GPs are like the priests – you see a lot of grey heads

Young GPs are leaving the country like flocks of swallows – but they won’t return

As the weather gets colder, the GP prepares for the storms ahead. Illustration: Getty Images/Ikon Images

The medical year has its internal rhythms and seasons, and autumn is a time of preparation for winter. Every GP knows that many of the people who come into them rubbing their hands and complaining about the cold are the same ones who complained about the heat in the summer.

As the weather gets colder, the GP gets ready to batten down the hatches and prepare for the storms ahead.

The summer injuries – falling off trampolines, sunburn and insect bites – make way for falling off horses, rugby injuries and wasp stings. GPs in seaside areas are relieved to see the workload drop off.

If you work in a hospital you don’t appreciate the seasons like you do in the community. In winter, the emergency departments get even busier and the dreaded winter vomiting bug will sweep the wards again, like a bad Christmas song returning.


There is the more complex task of getting your  patients ready for winter as the back-to-school children exchange playdates, cold germs and head lice

Family doctors, unlike the hospital variety, turn the heating back on and come in at weekends to make sure the pipes don’t burst in the frost. But as well as preparing the office, there is the more complex task of getting your flock of patients ready for winter as the back-to-school children enthusiastically exchange playdates, cold germs and head lice.

The new parents are cheerfully told that the school does not require a note from the doctor for a missed day at school, and isn’t it great that they don’t. No, not even with an under-6s card.

The ant-iflu vaccines arrive and you decide how to get it to as many as possible. The list of who should receive the vaccine gets longer until it seems more should get it than not. GPs know better than anyone else who is at risk and can advise accordingly.

Blood tests

Often those who need it most are the most resistant to getting it. I marvel every year at the significant number of elderly people who have not needed to be seen since last year, even though they probably should have, and see in their notes that they agreed to come back for blood pressure monitoring and blood tests last October but somehow they never got round to it.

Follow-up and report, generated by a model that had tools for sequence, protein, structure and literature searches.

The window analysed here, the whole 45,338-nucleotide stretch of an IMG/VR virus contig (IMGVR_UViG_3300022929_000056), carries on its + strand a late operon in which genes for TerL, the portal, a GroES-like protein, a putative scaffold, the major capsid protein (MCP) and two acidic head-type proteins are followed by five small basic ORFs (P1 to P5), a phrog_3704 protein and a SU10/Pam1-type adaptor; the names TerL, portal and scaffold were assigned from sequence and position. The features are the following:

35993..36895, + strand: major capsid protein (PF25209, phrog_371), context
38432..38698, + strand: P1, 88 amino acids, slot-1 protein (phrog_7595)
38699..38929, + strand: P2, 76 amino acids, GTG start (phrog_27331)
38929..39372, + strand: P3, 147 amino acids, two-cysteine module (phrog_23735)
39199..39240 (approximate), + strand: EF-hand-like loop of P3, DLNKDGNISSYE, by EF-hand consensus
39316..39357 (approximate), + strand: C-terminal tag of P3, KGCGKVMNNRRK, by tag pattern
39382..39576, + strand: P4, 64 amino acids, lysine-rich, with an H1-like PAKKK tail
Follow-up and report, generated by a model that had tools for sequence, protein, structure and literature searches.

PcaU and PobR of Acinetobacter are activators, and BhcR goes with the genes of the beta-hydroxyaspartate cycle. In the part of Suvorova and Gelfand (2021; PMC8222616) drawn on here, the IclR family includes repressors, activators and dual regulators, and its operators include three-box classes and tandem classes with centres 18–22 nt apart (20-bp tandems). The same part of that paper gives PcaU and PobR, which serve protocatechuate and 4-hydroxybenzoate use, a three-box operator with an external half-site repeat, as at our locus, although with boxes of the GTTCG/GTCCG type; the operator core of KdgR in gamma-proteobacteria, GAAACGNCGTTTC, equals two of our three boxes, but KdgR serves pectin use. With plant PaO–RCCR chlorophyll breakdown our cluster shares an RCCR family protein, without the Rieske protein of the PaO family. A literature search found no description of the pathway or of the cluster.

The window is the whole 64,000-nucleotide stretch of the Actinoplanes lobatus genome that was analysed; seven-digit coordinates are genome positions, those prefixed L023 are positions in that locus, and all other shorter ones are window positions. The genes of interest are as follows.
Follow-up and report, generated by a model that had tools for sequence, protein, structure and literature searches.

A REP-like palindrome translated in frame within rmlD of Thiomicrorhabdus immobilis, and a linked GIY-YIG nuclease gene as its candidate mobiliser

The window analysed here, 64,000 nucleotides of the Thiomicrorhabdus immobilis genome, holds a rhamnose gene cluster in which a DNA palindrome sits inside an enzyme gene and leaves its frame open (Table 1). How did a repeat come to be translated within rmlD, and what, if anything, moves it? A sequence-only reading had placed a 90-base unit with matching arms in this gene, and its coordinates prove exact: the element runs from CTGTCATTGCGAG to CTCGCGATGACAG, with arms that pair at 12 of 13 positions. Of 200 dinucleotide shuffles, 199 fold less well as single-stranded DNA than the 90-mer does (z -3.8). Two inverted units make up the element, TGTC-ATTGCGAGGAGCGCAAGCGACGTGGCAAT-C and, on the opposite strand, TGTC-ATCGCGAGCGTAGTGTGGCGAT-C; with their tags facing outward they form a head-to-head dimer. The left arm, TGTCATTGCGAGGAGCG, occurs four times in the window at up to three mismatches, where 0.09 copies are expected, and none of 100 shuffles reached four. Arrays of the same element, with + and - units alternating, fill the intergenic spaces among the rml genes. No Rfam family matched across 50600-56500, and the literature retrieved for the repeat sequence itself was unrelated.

In theory, the flu jab should take about as much time as it takes to get your coat on and off and log the details in the computer. In reality the consultation can go anywhere. It’s called opportunistic health promotion – when you come in for one thing and the doctor wants to discuss something else (probably smoking).

Asthmatic kids need to have their inhalers checked. Some have done without them for the summer but need the preventative for the winter.

The average kid spends six minutes a day outside, and a computer screen makes no vitamin D

The older patients with the chronic chests also need to have their inhaler-use optimised. The trick is to reduce the number of exacerbations, which will land them in hospital or even kill them.

We test for vitamin D, which is relatively new.Vitamin D is made by sunlight on the skin – not surprisingly it appears that everybody in Ireland is low on it, except farmers. The average kid spends six minutes a day outside, and a computer screen makes no vitamin D.

We worry about our patients; those with seasonal affective disorder, who find the shortening days intolerable. And the chronically ill, who might not see the spring.

Consultants return

The consultants come back from holidays. Nobody seems to have a locum anymore, and we are told that we are lucky to have any consultants, the way things are.

The HSE will send out a memo requesting us not to send anyone to hospital unless we feel it necessary, as the place is awfully crowded this winter, which is usually good for a bitter laugh as we open the post. The sender of the memo has not had the experience of the elderly patient telling them that they would rather die at home than go to casualty, as we have nearly every night on call.

We often take the chance, patching them up as best we can with antibiotics and steroids, and agreeing that a couple of days on a hospital trolley is not really in their best interests, while the memo writer sleeps peacefully.

The standing Irish army of 3,100 family practitioners have a back-to-school feeling as they avail of the Irish College of General Practice CME network. CME means "continuing medical education", and the GPs head out in the wintery nights to sit at educational meetings with their peers. This is particularly useful to younger GPs, who find these sessions vital. There is however an autumnal feeling when GPs gather, and not just because of the weather.

You see a lot of grey heads; like the priests, we are getting older, and the newly qualified GPs are leaving the country like flocks of swallows. Unlike the swallows, they are unlikely to come back.

The only way through the winter is through it. We turn the heat on, we turn the heat off. We take vitamin D ourselves. We work through yet another Christmas, and wait for the swallows to return.